For the past six years, the Ohio-based nursing home chain HCR ManorCare has been embroiled in a whistleblower lawsuit featuring allegations that the company systematically overbilled Medicare and often put its residents through overly rigorous rehabilitation schedules in efforts to increase revenue. Now the U.S. Department of Justice is stepping in, which means an end to the case could be imminent.
The issues began when an occupational therapist in northern Virginia filed a lawsuit accusing HCR ManorCare of pressuring its nursing home administrators to meet unrealistic financial targets through overbilling. According to the lawsuit, the company regularly pushed its patients into the highest tier of rehab services available under Medicare, regardless of their needs. As a result, it was able to increase the total amounts it billed the federal program.
One example cited in the lawsuit was the jump in reimbursement rates over a three-year period. In 2006, HCR ManorCare billed Medicare at the top rate of reimbursement in 39 percent of cases, compared to 80 percent in 2009. The lawsuit also details the case of an 85-year-old man being put through a 100-day therapy routine, even though medical records only called for hospice care and therapists had described him as being “medically fragile.”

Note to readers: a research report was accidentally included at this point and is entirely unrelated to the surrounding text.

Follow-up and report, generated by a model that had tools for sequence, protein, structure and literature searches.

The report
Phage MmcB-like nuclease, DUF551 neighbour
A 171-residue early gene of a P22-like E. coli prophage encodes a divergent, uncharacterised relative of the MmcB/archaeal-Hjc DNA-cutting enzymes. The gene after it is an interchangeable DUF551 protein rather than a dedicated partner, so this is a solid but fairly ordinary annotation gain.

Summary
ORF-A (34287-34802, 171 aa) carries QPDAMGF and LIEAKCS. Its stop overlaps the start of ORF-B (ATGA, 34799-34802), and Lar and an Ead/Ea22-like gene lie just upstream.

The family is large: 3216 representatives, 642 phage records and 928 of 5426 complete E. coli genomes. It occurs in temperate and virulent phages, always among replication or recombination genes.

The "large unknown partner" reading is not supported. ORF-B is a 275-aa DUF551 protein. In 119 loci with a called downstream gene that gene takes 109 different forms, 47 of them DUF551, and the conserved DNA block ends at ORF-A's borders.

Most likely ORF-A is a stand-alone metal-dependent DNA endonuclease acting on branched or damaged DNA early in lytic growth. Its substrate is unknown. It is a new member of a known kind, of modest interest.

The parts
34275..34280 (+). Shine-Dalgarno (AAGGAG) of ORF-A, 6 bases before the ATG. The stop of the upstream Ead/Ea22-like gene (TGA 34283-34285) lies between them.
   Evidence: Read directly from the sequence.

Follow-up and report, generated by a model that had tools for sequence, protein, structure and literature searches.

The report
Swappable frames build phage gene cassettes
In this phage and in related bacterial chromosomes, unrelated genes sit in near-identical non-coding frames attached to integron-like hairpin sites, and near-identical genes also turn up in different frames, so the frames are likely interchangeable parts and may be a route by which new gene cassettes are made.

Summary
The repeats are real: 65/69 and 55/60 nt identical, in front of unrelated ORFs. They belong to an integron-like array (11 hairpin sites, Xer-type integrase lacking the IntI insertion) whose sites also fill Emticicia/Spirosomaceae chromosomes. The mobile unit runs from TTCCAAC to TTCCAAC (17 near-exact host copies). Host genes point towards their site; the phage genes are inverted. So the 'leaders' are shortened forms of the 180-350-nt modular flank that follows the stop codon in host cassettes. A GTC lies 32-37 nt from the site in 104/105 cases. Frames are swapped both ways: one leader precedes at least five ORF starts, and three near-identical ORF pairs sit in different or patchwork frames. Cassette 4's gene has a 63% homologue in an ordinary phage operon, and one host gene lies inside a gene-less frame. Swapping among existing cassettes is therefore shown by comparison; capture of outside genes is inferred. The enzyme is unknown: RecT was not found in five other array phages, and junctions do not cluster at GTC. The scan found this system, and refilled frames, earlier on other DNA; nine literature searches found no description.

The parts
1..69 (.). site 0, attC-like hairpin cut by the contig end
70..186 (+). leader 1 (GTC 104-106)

Although there is no specific amount investigators gave for how much HCR ManorCare overbilled Medicare, official documents do state that Medicare paid more than $6 billion to the 281 HCR ManorCare facilities between January 2006 and May 2012.
If you are aware of fraud happening within your business or organization, consult the trusted Dallas lawyers at Whistleblower Law for Managers for the advice you need.